Passport, Ration Card, Voter Identity Card, Driving Licence, Bank Passbook, PAN Card, etc. are accepted as proof of Identity, Age and Address by banks, insurance companies, and other organizations.

Then, why has NSDC made the Aadhar number mandatory, particularly when the UIDAI website itself clearly states that Aadhar is “a voluntary service that every resident can avail” and “isn’t mandatory for every Indian resident who has identification documents”?

Is Aadhar more important than NSDC’s stated objective, which is “to facilitate the development and upgrading of the skills of the growing Indian workforce through skill training programs”?

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8 thoughts on “Aadhar: facilitator or impediment?

  1. I consider most of these as the “naakaabandhi” mentality in India. The ‘naakaabandhi’ you see on our roads – essentially only serves as a form of harassment. This is seen in various forms elsewhere – classic examples being random speed breakers on roads. Even while exiting cinema halls in multiplexes – why is one door always closed? I think we culturally excel in creating impediments in day to day activities.

  2. Long before the Aadhar came into existence there were alternate KYC identification norms in place.
    Mandating Aadhar that is onerous in this particular case, only to promote it, amounts to harassment plain and simple.
    This is no way to propogate a particular fad on which crores have been incurred and going down the drain.

  3. We recently got our aadhar number simply because we did not want to suffer when it is mandatory to link all sorts of things with it. Sometimes I think the government wants to progress, but has no idea how. They start schemes, but do not have the process in place. In what you’ve described, unless the aspiring trainee gets his aadhar number he has to forego benefits. Aadhar takes time – and by the time the number is assigned, he may lose the opportunity. Bah! Irritating.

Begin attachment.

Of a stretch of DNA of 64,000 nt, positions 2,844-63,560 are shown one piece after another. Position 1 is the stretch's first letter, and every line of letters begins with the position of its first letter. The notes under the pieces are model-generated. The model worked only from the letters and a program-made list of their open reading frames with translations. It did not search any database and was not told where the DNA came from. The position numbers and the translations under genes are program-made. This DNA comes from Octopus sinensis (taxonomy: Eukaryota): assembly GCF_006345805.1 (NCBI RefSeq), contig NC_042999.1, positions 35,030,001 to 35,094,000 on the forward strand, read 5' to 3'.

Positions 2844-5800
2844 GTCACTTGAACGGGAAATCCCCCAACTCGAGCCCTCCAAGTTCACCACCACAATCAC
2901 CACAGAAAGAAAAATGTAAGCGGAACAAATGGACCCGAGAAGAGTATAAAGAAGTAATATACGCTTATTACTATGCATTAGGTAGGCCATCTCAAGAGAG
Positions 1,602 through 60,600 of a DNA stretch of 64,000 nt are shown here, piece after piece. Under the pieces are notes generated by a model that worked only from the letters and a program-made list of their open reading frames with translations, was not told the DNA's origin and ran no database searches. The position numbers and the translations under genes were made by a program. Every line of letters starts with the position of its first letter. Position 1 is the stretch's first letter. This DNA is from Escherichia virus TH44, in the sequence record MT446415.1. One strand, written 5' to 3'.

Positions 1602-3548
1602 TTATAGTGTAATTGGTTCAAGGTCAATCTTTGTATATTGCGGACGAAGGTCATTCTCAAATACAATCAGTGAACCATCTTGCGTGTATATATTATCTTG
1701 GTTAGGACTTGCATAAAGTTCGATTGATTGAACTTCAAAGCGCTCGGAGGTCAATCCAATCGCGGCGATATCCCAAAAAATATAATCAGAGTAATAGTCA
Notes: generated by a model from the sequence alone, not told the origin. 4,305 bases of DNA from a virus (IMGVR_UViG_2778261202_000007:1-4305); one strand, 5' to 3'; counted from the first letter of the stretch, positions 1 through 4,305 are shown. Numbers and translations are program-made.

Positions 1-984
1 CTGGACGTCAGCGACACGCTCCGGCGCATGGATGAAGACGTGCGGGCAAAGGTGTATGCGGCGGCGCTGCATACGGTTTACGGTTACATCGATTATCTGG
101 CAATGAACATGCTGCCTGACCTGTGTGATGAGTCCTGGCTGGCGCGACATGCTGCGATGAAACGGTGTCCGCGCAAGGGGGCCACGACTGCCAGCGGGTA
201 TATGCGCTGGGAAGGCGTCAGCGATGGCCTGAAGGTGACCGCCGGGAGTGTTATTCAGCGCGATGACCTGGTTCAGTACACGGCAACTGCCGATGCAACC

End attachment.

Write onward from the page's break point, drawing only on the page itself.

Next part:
Also, applying on our own is not cakewalk. It means taking days off work to simply go stand in a queue while the fella who does the eye-dentity process will chat and joke around and narrate his woes – in short…anything but do his job.

    Sigh!

  4. This mandate is against Supreme Court order that Aadhar should not be mandatory for any govt services.

    This is classic case of a bureaucrat acting on his own without applying his mind and common sense. All such cases should be vehemently opposed and corrected.

  5. We shifted our house to a new place/a new flat. All of us in the new flats are still waiting for the census slip with which to apply for aadhaar card! Let us see how long they take to come here. In between the govt. says that it is not ‘very’ important!

  6. It is more of an impediment than a facilitator.Getting an Aadhar is not a child’s play. A visit to a municipal school and later kiosks were set up while some of the staff were still clueless. It was a tiring experience while me and my junior received the card after 3 months , my husband’s card took 5 months when we all had applied on the same day. The postman was complaining of the huge load to clear.

  7. Didn’t Aadhar start as a way to cut the middle man (and therefore corruption) and get the money directly to the person? Seems like a case of unintended consequences.